At the age of 21, Kate was caught up with the wrong crowd.
She had fallen out with her parents and sought solace in a group from her high school who she felt understood her. But in order to belong to this group, Kate felt she needed to lie and rebel.
Kate soon sunk into a deep depression. She couldn’t work, had dropped out of her TAFE tourism course, and was prescribed anti-depressants. At her lowest point, Kate was caught shoplifting.
Kate said her life was meaningless, and she felt lost and hopeless. She felt like a failure.
When we asked what had led her to that point, she said her life was meaningless, and she felt lost and hopeless. She felt like a failure. The shoplifting incident, she explained, was a desperate attempt to feel anything other than despair. Kate had reached such a low point in her life, she said, that she needed something to jolt her into feeling alive again.
Kate was charged over the shoplifting and initially faced a 12-month jail sentence, but successfully appealed and was re-sentenced to a three-month intensive community corrections order. Kate completed her order in 2015, and began to rebuild her life by volunteering at a Salvation Army op shop and studying a traffic management course – but remained unemployed, and was out of work when we met her in 2021.
Kate was referred to Jesuit Social Services through Matchworks, the company that sponsored her traffic management course. We found her a full-time job with a major traffic management company, which Kate has been working in ever since.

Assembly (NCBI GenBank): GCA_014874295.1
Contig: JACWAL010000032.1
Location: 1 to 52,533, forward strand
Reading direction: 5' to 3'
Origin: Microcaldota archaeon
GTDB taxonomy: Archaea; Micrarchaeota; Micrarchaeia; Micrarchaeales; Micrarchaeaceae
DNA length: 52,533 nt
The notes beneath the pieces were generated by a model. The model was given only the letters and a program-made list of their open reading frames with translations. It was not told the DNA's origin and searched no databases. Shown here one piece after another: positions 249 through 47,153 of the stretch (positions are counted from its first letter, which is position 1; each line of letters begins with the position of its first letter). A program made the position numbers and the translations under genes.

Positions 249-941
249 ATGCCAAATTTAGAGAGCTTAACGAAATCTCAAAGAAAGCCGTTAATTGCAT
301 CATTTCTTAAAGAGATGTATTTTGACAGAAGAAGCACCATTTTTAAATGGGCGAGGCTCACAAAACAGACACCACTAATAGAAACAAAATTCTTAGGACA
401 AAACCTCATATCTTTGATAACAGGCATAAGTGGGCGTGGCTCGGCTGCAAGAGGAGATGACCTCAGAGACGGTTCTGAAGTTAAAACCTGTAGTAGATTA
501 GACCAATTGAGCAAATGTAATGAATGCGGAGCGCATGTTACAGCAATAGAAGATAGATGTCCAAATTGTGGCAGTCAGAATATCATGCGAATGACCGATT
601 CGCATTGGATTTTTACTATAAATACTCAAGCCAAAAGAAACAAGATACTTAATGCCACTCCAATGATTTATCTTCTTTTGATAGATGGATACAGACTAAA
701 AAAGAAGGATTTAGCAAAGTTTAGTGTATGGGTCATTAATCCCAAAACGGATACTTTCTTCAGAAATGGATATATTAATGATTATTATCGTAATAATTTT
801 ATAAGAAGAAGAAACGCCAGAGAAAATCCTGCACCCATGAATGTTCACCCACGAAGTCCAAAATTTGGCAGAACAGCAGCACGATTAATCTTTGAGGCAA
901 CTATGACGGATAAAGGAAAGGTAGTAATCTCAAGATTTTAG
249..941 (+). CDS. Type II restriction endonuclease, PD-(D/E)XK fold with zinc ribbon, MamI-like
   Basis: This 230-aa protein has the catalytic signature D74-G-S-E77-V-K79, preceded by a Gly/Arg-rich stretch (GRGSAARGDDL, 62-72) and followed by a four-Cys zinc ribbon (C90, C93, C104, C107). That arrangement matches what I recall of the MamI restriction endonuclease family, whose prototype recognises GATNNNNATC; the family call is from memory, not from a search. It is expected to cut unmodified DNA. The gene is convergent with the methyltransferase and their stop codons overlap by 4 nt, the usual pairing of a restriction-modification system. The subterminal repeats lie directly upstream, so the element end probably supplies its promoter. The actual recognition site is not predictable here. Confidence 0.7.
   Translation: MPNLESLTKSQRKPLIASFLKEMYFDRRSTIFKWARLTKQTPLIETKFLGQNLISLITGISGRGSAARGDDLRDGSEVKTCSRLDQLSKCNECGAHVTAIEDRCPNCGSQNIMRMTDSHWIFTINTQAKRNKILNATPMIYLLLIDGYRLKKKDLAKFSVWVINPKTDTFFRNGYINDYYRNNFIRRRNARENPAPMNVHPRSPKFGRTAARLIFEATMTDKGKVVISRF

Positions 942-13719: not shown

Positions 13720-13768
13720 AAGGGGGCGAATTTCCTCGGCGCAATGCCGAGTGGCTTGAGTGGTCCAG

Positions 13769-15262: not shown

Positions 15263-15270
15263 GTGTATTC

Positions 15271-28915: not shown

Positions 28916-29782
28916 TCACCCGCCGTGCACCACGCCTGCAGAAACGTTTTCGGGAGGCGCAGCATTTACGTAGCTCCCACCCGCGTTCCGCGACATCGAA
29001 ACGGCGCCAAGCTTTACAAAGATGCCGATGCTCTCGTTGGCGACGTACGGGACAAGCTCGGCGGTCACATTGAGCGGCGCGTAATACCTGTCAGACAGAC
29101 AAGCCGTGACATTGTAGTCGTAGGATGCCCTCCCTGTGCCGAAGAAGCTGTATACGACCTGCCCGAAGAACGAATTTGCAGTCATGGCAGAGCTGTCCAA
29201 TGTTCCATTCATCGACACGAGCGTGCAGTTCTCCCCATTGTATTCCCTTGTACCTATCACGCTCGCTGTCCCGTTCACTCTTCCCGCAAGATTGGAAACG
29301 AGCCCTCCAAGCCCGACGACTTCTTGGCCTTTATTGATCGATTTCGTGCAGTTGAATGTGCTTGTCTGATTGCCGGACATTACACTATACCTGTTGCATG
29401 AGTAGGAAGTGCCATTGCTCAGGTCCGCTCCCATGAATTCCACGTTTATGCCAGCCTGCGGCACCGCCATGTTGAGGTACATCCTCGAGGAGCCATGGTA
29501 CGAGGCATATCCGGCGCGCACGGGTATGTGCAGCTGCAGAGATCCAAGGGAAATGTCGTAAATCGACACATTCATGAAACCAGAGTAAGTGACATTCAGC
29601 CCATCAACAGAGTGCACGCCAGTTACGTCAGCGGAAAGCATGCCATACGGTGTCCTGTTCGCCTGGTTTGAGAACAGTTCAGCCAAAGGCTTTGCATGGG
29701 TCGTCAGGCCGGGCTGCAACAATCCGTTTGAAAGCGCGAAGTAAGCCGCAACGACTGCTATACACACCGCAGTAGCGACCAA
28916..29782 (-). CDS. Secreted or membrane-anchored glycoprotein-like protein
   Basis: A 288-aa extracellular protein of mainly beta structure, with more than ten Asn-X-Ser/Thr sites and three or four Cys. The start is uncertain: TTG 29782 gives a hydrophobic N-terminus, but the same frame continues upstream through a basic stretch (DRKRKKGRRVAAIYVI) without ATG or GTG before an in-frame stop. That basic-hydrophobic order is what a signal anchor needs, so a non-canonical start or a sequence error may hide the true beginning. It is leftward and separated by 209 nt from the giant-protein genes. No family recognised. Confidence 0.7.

Kate is trusting and open. Early on in our work together, she told us her biggest regret was not listening to her parents’ advice about not mixing with the wrong crowd. Her deepest hope, she said, is to help people who are in trouble. We talked about the interesting parallels between her work and her goals – as a traffic controller, she helps set people on the right path.
Kate told us her biggest regret was not listening to her parents’ advice about not mixing with the wrong crowd. Her deepest hope is to help people who are in trouble.
This helped Kate realise something.
Beyond her work as a traffic controller, she has a greater purpose: to help troubled young people, like herself, who have made bad decisions during a time when they just wanted acceptance and belonging.
Kate has now enrolled in a community services course, and has new clarity and purpose – she has reached a turning point in her life. Kate’s story shows people’s capacity to adapt and transform when given a second chance.
We use stock photos and pseudonyms to protect people’s privacy – Kate isn’t her real name, and this isn’t a photo of her.